Approximately one-fifth of the world’s electric energy is dedicated to refrigeration, and the International Energy Agency anticipates a twofold increase in the number of air conditioning units by 2040. Despite a century of advancements, existing refrigeration systems, relying on vapour compression, have hit their thermodynamic threshold. These systems not only emit greenhouse gases, contributing to environmental issues, but also produce significant noise. Prioritizing the development of energy-efficient and eco-friendly systems is thus paramount to address global warming and encourage the responsible utilization of natural resources.

Now, a team of researchers from the Luxembourg Institute of Science and Technology (LIST) have developed a technology with the potential to transform future refrigeration systems. Their latest research milestone, published in Science this week, details the mechanism, which focuses on using the electrocaloric effect – a phenomenon wherein a material undergoes a reversible temperature alteration when subjected to an electric field – to achieve the desired result.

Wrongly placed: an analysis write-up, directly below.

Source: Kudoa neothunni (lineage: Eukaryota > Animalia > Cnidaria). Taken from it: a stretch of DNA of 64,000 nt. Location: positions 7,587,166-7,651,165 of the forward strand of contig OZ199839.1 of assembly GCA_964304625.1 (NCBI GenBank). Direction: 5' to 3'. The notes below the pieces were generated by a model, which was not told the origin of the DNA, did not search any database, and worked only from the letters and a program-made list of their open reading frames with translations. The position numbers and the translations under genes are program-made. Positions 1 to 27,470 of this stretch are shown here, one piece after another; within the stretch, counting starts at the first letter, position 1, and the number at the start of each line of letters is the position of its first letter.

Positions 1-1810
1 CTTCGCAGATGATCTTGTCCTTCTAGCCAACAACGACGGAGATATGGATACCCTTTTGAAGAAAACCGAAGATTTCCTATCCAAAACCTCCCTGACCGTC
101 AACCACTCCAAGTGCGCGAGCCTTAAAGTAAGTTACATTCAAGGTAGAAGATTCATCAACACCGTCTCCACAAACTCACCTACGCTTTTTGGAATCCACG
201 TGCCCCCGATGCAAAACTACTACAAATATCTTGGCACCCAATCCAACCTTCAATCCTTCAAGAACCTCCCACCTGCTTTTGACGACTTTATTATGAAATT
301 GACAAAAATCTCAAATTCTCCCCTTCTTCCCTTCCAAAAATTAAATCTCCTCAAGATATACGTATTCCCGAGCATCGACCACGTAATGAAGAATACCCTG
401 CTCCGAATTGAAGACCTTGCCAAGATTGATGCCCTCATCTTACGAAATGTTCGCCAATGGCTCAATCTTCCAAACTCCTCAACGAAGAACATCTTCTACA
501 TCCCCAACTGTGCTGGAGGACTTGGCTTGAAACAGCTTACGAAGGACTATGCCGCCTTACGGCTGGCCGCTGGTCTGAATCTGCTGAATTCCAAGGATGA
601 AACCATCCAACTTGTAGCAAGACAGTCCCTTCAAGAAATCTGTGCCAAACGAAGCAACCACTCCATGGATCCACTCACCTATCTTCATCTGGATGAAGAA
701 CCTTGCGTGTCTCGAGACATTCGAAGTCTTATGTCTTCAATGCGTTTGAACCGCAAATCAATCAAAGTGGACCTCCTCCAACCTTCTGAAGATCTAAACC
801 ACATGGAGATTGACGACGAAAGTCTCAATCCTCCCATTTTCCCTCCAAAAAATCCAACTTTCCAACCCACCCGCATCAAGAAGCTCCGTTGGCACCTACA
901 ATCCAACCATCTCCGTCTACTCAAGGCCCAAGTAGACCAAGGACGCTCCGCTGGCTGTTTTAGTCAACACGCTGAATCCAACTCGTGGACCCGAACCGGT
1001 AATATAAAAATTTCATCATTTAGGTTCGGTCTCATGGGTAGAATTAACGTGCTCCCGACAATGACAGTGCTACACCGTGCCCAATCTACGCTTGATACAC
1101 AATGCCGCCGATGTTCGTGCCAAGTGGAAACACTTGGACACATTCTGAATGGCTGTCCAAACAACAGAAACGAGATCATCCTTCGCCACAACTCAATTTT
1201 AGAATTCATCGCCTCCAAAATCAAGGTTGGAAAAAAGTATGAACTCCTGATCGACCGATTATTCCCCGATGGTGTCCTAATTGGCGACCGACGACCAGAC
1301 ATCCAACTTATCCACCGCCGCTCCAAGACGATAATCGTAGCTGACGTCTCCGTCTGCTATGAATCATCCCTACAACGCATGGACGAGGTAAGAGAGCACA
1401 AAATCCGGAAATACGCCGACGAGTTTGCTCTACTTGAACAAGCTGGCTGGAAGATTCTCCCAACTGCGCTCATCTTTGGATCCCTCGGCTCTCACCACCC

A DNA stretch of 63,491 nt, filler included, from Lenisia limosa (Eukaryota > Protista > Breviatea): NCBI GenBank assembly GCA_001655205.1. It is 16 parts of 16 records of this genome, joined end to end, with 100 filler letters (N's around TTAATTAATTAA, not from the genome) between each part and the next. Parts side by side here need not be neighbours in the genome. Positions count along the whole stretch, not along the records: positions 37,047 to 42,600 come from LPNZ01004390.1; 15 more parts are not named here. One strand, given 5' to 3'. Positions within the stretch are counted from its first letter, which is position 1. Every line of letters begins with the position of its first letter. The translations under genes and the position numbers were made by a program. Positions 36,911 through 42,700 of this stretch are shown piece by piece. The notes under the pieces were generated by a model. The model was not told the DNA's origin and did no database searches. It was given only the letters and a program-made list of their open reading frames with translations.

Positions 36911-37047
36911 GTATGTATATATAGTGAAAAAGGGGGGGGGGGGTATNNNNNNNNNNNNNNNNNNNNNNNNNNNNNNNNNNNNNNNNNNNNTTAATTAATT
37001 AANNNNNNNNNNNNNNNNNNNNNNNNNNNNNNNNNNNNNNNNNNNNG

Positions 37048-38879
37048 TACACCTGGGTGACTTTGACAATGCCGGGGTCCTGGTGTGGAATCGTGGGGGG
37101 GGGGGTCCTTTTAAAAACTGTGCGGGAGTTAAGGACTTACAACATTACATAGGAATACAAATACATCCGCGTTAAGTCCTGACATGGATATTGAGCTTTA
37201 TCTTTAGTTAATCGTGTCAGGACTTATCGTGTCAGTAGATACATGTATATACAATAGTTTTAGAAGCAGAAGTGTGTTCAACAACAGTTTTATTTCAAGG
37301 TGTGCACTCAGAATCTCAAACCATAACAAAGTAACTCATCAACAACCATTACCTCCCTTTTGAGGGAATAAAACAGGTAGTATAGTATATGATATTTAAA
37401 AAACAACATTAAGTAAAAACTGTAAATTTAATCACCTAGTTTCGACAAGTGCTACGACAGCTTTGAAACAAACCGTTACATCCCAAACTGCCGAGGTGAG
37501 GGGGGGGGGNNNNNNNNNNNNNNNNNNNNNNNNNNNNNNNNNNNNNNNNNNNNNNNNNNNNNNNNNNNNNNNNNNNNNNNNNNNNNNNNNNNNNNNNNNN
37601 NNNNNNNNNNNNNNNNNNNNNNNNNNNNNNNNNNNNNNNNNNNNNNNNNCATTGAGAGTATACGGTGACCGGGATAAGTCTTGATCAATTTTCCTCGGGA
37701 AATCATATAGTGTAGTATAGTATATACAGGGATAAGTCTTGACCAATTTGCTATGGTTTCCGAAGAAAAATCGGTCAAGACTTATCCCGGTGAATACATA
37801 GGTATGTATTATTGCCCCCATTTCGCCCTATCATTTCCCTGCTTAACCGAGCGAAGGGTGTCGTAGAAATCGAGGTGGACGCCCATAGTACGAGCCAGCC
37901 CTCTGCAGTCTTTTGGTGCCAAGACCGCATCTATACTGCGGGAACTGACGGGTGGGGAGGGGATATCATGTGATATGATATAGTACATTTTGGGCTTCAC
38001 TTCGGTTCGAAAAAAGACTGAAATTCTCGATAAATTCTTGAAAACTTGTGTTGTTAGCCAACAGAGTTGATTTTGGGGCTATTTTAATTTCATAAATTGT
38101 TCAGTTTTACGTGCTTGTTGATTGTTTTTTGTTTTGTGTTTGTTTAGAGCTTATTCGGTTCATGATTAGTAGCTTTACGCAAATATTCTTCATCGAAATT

In this particular case, the electrocaloric effect involves applying an electric field to ceramic capacitors, inducing temperature changes, and creating a cooling effect. “Our proposed solution involves an assembly of multilayer capacitors stacked within an electrically connected fluid-filled pipe,” explains Dr Emmanuel Defay, who leads the Nanotechnology unit within the Materials Research and Technology (MRT) department at LIST. Defay and his team have been working on electrocaloric materials for several years. “The fluid flows back and forth between the capacitors, creating a temperature gradient,” he adds.

This assembly, called a regenerator, could eventually replace the conventional compressor and the environmentally harmful fluids in current refrigerators, providing a more energy-efficient and sustainable cooling solution.

“While we are already making tangible progress, we are continually working to enhance the maturity and practicality of our technology. The ultimate goal is to offer a viable and sustainable alternative to current refrigeration solutions,” concludes Defay.